December 10, 2004
Cellphones Aloft: The Inevitable Is Closer
By KEN BELSON and MICHELINE MAYNARD
The day may finally be coming when you will be allowed to make calls
on your own cellphone from an airliner. Trouble is, so will the
passengers sitting on either side of you, and in front and in back of
you, as well.
Federal regulators plan next week to begin considering rules that
would end the official ban on cellphone use on commercial
flights. Technical challenges and safety questions remain. But if the
ban is lifted, one of the last cocoons of relative social silence
would disappear, forcing strangers to work out the rough etiquette of
involuntary eavesdropping in a confined space.
"For some people, the idea of being able to pick up their phone is
going to be liberating; for some it's going to drive them crazy," said
Addison Schonland, a travel industry consultant at the Innovation
Analysis Group in La Jolla, Calif. "Can you imagine 200 people having
a conversation at once? There's going to be a big market for
The always-on-the-road business travelers may become the worst
offenders, predicted Roger Entner, a telecommunications analyst with
the Yankee Group and a frequent flier. "Businessmen will now compete
with toddlers for the title of 'most annoying in the airplane,' "
Mr. Entner said.
It may be years before cellphones become widely used in the skies. To
begin with, conventional cellphones, besides raising concerns about
interfering with cockpit communications, typically do not work at
altitudes above 10,000 feet or so.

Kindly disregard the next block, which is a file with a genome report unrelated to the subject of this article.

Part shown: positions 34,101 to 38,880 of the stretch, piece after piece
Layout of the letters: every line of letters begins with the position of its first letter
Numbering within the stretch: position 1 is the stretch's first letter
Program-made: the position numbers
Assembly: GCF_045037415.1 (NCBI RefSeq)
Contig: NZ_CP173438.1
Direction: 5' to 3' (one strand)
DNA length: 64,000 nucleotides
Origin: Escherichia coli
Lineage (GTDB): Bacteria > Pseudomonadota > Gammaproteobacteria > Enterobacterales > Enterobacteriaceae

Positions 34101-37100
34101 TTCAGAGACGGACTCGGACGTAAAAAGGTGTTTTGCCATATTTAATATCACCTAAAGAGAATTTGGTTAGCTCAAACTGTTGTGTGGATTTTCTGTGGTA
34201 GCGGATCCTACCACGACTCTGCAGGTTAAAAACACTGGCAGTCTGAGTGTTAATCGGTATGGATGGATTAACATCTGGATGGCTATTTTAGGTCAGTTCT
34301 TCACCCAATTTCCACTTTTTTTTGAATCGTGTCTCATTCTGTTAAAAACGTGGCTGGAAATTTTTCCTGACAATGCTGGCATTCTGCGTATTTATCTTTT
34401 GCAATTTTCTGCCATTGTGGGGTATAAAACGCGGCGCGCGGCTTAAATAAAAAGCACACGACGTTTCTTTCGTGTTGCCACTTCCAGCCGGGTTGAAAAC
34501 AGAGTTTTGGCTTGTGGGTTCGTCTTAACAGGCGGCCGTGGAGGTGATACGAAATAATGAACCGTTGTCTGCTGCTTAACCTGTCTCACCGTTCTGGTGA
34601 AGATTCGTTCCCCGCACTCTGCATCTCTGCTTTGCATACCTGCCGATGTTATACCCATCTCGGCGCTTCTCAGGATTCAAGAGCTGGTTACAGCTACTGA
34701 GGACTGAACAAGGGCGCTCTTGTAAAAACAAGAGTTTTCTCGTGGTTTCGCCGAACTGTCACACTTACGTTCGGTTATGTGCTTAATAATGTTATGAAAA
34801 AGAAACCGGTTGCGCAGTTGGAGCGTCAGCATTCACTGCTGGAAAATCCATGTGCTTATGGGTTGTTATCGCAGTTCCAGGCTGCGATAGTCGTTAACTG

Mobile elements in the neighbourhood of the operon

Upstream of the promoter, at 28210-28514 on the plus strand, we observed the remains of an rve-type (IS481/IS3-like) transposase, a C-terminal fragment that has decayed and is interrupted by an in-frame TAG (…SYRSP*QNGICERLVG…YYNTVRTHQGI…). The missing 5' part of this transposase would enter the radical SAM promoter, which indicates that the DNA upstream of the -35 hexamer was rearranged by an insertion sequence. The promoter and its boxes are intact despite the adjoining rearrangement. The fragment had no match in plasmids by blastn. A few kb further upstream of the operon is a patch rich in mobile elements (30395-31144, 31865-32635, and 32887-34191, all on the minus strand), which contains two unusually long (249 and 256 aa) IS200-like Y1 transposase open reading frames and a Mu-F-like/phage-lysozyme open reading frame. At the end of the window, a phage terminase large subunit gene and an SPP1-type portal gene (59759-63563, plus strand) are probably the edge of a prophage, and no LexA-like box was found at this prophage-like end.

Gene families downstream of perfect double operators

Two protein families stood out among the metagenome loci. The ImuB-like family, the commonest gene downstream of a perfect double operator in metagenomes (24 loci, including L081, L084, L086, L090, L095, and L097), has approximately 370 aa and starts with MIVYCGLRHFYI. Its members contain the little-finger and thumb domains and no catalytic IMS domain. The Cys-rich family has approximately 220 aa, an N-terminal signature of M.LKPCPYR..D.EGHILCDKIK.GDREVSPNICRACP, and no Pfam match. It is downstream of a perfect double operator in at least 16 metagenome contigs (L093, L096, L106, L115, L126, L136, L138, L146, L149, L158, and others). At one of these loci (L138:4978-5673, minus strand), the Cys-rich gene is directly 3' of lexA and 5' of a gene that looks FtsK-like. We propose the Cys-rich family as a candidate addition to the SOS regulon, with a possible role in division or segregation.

But some airlines have already begun their own tests of technology
meant to make cellphone use feasible at 35,000 feet. They know that
the seatback phones they now offer, costing $1.99 a minute or more,
have never really caught on.
The airlines also know that, while illegal, surreptitious cellphone
use at lower altitudes is already common. Airline attendants have
caught some passengers using cellphones in airplane lavatories, and
others have been spotted huddled in their seats, whispering into their
cupped hands. For that matter, the use of BlackBerry hand-held e-mail
devices is also rampant, if sub rosa, despite their also being banned
Famously, some passengers' emergency use of cellphones played a
significant role in the final minutes of the hijacked United Airlines
Flight 93 before it crashed in a field near Shanksville, Pa., on
Sept. 11, 2001.
A major federal effort to revisit the rules will begin next Wednesday
at a Federal Communications Commission meeting, where the agency is
expected to approve two measures. One, an order that is expected to be
adopted, would try to introduce more price competition among phone
companies to offer telephone and high-speed Internet services from the
seatback and end-of-aisle phones that are now on many planes.
The second measure will begin the regulatory process of considering
whether there are technical solutions to some of the current obstacles
to passengers' using their own mobile phones on planes.
Safety will be a major consideration in any rule changes. The Federal
Aviation Administration and Boeing, the nation's largest builder of
airliners, both support the F.C.C.'s ban, arguing that cellphones can
interfere with navigation systems.
In fact, European newspapers widely reported that use of a cellphone
contributed to the crash of a Crossair commuter plane in 2000. LX
Flight 498, carrying 10 passengers and crew members, was bound for
Dresden when it crashed outside Zurich minutes after it took off,
killing all on board. Officially, the reason for the crash remains
unknown. But news reports at the time said a passenger apparently took
a cellphone call at the same time that the pilot engaged the autopilot
controls. The plane subsequently went into a dive.
Despite such questions, airlines have begun their own tests of whether
cellphone use can be made feasible. A test last July by American
Airlines, the nation's biggest, allowed the use of conventional
cellphones to place and receive calls by way of a picocell -- a
miniature cell tower the size of a pizza box. The system was installed
by the wireless equipment maker Qualcomm inside the jet.
The picocell linked to several antennas inside a cable that gathered